Casa Weekly

Saturday, March 11, 2006

Visiting Asa Branca

Today we did some of our local bridge-building work in Rio, taking visiting American university students to visit a local community. Not one of the formal "favela tours," where tourists are taken in safari jeeps up into communities they barely learn about and rarely invest in. Rather: we work to form bridges and constructive dialogues by doing walking tours in communities where solid and exciting community development work is going on, guided by local leaders.

Today it was Asa Branca, in Rio de Janeiro's West Zone, a community with some 7000 residents settled 18 years ago along the edge of a stream in a wetlands region where not one building was located. Now luxury condos sprawl up from the ground everywhere surrounding Asa Branca, while local residents struggle to provide for their own basic services.

Fortunately Asa Branca counts with "Bezerra" (Carlos Alberto Costa), the President of its Neighborhood Association who has helped residents organize everything from their own sewerage system to theatre, bingo tournements to home-building: directing both the installation of pipes and the writing of plays.

In 2005 Bezerra had a full-page feature in a Rio de Janeiro daily as a result of a personal civil disobedience (of sorts) campaign he launched whereby he stopped shaving and cutting his hair, while attending dozens of his regularly-attended political and networking events across the city (Bezerra is well-networked, attending meetings whenever he's invited, from city government to local leadership councils). Each meeting he went to participants would ask "Bezerra, why are you growing your hair?" Bezerra would explain that a local politician had promised to pave Asa Branca's streets but for years had neglected this promise, so he decided to grow his hair until the asphault was dry. Over months Bezerra attended meetings, his hair and beard growing. A local daily covered his story. Leaders and politicians witnessed the act. One day Bezerra appeared at CatComm's Casa shaven with his hair cut short. "Bezerra!" I exclaimed. "Yes," he replied, chuckling, "he finally paved the road."

During today's visit Bezerra showed 15 students from the University of North Carolina's MBA program the two main areas of Asa Branca: the older section, inhabited by residents in 1988, and a new section less than 4 years old. Students were able to compare and get a sense for what a community that self-organizes effectively can accomplish in a given period of time.

Asa Branca is partially successful because residents have organized various means (physical and social) to keep the drug traffic from entering their community and impairing them from self-organizing. It's success has also been due to a charismatic, creative, and modest leader concerned and aware of a host of issues, from the environment and conservation to health and education. Finally, Asa Branca has benefitted from being in a part of the city with plentiful employment in construction -- from the condo industry to the Pan-American Games. Thanks to their proximity to new wealth areas, the community also benefits from its location near two new and well-stocked hospitals.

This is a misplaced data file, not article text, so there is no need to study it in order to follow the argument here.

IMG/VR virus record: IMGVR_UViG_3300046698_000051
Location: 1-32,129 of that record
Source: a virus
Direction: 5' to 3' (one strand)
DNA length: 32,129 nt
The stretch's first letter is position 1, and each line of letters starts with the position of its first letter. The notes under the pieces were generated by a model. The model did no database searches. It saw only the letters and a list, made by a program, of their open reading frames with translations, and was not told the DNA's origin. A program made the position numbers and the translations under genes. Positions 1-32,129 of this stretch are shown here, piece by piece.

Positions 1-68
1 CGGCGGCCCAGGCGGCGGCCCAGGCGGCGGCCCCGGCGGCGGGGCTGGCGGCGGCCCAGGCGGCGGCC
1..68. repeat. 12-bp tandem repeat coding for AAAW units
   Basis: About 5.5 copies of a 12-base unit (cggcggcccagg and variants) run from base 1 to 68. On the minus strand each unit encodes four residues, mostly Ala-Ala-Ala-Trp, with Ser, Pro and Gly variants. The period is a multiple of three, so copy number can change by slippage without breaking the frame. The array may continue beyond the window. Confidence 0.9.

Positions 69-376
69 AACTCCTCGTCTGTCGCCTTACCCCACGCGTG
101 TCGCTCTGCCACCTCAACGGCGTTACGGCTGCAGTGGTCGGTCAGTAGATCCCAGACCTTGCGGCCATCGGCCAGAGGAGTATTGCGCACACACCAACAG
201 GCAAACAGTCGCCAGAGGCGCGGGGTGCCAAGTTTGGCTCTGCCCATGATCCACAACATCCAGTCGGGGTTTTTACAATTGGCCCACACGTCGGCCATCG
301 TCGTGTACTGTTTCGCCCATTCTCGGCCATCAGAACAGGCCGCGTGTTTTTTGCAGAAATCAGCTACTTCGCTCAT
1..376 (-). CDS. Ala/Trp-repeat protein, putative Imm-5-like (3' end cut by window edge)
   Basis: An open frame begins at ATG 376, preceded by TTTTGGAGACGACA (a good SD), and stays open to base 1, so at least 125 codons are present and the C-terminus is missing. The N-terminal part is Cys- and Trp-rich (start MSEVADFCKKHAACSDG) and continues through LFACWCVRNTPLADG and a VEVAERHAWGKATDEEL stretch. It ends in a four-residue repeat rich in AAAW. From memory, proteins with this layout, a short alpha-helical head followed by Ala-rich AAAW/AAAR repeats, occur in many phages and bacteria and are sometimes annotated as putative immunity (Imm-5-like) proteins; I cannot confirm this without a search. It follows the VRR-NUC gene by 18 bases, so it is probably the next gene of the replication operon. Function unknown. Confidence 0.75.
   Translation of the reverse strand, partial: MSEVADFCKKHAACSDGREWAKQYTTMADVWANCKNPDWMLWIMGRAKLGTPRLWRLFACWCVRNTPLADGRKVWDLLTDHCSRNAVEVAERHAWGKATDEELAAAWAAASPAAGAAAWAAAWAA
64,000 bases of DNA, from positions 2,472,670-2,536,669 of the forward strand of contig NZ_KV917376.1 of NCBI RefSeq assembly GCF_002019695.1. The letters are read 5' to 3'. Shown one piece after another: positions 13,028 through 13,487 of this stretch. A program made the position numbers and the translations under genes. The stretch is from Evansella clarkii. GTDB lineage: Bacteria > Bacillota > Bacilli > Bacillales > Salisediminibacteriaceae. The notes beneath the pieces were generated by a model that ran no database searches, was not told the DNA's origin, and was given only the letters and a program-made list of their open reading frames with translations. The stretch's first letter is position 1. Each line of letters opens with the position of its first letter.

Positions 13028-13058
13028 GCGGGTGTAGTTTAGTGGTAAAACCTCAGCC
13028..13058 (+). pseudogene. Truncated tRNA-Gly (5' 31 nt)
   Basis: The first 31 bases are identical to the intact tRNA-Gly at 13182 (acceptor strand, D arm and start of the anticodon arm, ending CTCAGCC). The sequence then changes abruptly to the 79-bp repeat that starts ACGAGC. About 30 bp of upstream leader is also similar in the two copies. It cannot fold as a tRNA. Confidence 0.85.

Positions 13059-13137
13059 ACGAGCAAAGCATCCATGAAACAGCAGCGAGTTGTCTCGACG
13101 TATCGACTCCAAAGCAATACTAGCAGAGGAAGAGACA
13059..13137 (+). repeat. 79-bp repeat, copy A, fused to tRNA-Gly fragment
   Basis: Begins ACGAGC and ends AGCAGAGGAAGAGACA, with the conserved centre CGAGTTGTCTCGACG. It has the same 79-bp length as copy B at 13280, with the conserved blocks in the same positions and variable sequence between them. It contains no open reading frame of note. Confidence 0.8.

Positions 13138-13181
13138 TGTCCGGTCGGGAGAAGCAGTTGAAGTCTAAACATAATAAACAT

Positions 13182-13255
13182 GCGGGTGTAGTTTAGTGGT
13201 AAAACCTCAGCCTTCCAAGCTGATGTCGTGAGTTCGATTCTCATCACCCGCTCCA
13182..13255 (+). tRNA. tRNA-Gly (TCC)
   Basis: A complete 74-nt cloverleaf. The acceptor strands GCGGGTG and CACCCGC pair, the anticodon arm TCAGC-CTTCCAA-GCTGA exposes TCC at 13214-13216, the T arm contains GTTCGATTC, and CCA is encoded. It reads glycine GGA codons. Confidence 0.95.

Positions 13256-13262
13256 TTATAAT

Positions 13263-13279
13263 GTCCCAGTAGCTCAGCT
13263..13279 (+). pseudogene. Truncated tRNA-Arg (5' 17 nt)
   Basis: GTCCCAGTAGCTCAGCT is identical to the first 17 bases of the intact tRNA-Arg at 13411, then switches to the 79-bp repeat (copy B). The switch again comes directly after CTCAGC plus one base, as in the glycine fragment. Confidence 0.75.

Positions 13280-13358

One of the highlights of today's visit was the community's drumming group, organized by a local resident. The youth marched and performed in the streets of Asa Branca to the delight of residents and UNC students alike.

In 2005 a similar UNC group visited Asa Brana, the highlight then being a new recycling cooperative that had been started in the community. At the end of their visit, what would later prove to be a golden picture of the visitors was taken: 16 American business students standing clearly in front of Asa Branca, next to their taxi marked "Posto 6" on the side (indicating the taxi had come from the elite end of Copacabana beach where several nice hotels are). The students sent this photo to Bezerra with a certificate of appreciation from UNC. Thrilled with this, Bezerra proceeded to carry these documents with him to city meetings, showing local politicians: "I've got future business leaders of America visiting my community, and you can't even pave our streets?!"

The 2005 group also raised $1,000 which Bezerra and leaders of 4 other nearby communities invested in a series of "Sunday in the Community" events to the delight of the residents of these 5 communities. These events included dance, theatre, singing, capoeira, and more.